In a statement, HHS spokesperson Michael Caputo said the CDC “has been at the forefront of this whole-of-America response to the pandemic since day one” and is represented on the White House task force by both Azar and CDC Director Robert Redfield.
“The CDC provides updated guidance regularly to ensure the American people as well as state and local leaders are armed with the most up-to-date information and has consistently deployed personnel to provide on the ground support,” he said.
Still, public health organizations, including the American Public Health Association and the Association of State and Territorial Health Officials, concluded in recent weeks that they needed to launch an independent push to promote the efforts of the CDC and public health departments, in hopes of countering the rising skepticism and politicization of their work driven in part by Trump and his allies.
That has so far included Tuesday’s letter to Azar, as well as editorials praising and attempting to humanize public health officials. More than two dozen top state and local health officials have quit, resigned or retired during the pandemic, in some cases after being subjected to personal threats and slurs, or demonstrations outside their homes over public health restrictions.
“We are deeply concerned about increasing reports of resistance to evidence-based public health messages and threats to public health leaders and agencies,” the groups wrote, warning that such sentiments “undermine the health and wellbeing of America’s residents at a critical juncture when cases of COVID-19 are rising.”
After POLITICO reported on White House deliberations over a review of the CDC that would pin blame for the sluggish federal response on the agency, the various groups — which represent state, county and territorial health officials — began weighing a national media campaign aimed at raising awareness of public health workers and portraying them as separate from partisan politics.
“Our slant on that is, we’re requesting other leaders to step up in defense of public health leaders,” said Marcus Plescia, the chief medical officer for ASTHO. “It’s not clear who in the administration is an advocate for CDC right now.”
Those discussions are still in their early stages, and any resulting effort could take a variety of forms. Freeman said one large-scale idea under consideration is an awareness project that would rank as “one of the largest PR campaigns in recent history,” though she acknowledged it would require first finding the necessary funding.
Others described a range of attempts to better coordinate and promote public health messages throughout the nation, in a bid to elevate measures like mask-wearing and social distancing precautions that remain the best options to date for slowing the virus’ spread.
The need for public health organizations to consider such approaches is unprecedented, health experts involved said, reflecting both the CDC’s absence as a central messenger of the response and the portrayal of public health issues through a sharply political lens.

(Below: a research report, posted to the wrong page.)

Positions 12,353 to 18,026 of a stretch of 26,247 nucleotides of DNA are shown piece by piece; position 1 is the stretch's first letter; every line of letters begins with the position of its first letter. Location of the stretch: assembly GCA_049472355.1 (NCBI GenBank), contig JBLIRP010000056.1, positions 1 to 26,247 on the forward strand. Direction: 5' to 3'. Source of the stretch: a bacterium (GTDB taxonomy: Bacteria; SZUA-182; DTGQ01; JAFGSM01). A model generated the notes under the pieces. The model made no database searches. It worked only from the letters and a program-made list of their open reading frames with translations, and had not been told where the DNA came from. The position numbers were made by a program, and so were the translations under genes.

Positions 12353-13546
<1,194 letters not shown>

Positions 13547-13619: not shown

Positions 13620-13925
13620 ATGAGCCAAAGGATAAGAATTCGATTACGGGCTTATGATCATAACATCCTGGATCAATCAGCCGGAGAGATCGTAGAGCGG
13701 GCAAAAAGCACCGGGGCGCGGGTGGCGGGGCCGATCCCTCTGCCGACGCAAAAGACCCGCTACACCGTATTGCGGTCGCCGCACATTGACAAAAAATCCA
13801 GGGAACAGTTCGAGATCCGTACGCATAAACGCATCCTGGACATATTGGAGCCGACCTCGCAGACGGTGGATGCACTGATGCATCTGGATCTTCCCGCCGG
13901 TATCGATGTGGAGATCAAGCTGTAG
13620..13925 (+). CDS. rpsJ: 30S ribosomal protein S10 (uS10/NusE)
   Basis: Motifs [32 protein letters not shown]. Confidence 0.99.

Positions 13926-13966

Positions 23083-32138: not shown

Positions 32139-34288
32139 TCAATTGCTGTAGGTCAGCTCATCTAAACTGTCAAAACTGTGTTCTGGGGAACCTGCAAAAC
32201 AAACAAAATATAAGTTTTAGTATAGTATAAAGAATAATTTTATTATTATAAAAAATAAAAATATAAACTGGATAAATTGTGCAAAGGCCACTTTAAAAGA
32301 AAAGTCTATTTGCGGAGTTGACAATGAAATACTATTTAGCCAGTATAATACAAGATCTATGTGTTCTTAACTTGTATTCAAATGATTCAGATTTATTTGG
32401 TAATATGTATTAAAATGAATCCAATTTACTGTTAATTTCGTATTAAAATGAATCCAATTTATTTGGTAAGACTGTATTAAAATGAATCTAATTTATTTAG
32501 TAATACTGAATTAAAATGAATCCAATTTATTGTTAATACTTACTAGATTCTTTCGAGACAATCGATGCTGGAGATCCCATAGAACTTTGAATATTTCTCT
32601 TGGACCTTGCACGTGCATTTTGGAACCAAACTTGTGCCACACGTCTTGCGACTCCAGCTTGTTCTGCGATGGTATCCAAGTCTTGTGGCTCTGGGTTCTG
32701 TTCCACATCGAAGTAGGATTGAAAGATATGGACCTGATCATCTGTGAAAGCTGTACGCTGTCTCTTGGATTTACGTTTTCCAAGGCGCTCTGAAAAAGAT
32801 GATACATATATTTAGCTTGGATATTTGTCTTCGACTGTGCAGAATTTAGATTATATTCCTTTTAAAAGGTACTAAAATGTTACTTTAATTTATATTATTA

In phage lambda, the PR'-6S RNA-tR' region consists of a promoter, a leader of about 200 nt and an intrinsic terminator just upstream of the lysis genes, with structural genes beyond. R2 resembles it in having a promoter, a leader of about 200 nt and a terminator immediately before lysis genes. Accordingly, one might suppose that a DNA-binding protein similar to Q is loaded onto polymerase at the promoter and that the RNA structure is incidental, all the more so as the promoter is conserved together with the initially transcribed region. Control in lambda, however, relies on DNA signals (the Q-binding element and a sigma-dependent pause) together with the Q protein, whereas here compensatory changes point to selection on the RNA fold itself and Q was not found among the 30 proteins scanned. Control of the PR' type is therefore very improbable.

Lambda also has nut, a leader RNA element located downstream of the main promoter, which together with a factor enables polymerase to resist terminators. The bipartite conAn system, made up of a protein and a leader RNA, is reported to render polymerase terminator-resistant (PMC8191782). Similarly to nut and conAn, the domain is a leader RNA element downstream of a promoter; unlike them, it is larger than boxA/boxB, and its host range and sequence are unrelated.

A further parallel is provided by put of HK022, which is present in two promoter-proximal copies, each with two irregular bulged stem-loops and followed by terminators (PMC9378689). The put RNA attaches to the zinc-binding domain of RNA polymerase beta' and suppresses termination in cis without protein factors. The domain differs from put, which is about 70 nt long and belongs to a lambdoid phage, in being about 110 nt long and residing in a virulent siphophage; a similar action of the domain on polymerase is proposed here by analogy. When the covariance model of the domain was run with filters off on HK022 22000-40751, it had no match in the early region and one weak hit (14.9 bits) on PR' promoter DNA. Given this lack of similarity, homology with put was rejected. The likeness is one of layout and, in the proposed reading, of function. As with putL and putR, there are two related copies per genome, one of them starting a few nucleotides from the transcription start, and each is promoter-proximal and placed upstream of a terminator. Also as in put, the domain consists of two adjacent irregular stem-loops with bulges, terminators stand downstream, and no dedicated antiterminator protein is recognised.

As the nation’s leading public health authority, the CDC has historically led federal efforts to beat back public health threats like the H1N1 and Zika viruses, enjoying support across partisan lines in the process.
But the agency came under fire early in the coronavirus pandemic over its development of faulty diagnostic tests and was further sidelined as the White House’s coronavirus task force commandeered control of the federal response.
While the CDC has continued to aid state and local officials behind the scenes, it’s received relatively little attention from the administration or the news media. That’s made it more difficult for those local health departments to organize a response around the agency’s day-to-day recommendations and obscured the agency’s work in grassroots communities.
“Certainly there have been some problems with CDC’s response,” said John Auerbach, president of the nonprofit Trust for America’s Health. “But overall, I think the CDC’s response has been strong, and the people there continue to provide really useful guidance and materials that may not be as widely recognized as it could be and should be.”
More broadly, public health organizations organizing the CDC’s defense expressed fears that the White House’s focus on reopening the economy — and downplaying the coronavirus’ resurgence — is hampering the nation’s response by turning basic health recommendations into political acts.
Trump has flouted the CDC’s recommendation that people wear face coverings in public, and waved off the pandemic’s rebound even as the nation registers near-daily record new cases. Top White House officials have similarly spurned suggestions that the administration refocus on containing the virus, touting decreases in the daily average death toll and betting heavily on the development of a vaccine by the end of the year.
And there remains little indication that the CDC and other top administration health experts will be given a freer hand to guide a response that the federal government has said must be run primarily by states and localities.
That’s left those front-line public health officials increasingly worried that even as the crisis spirals and coronavirus deaths exceed 130,000, they are gradually losing the ability to reach and influence substantial portions of the population.
“It is truly unprecedented,” Freeman said. “And I think the biggest frightening thing to me is that we don’t want this to leave a lasting impression on people that they can’t trust public health.”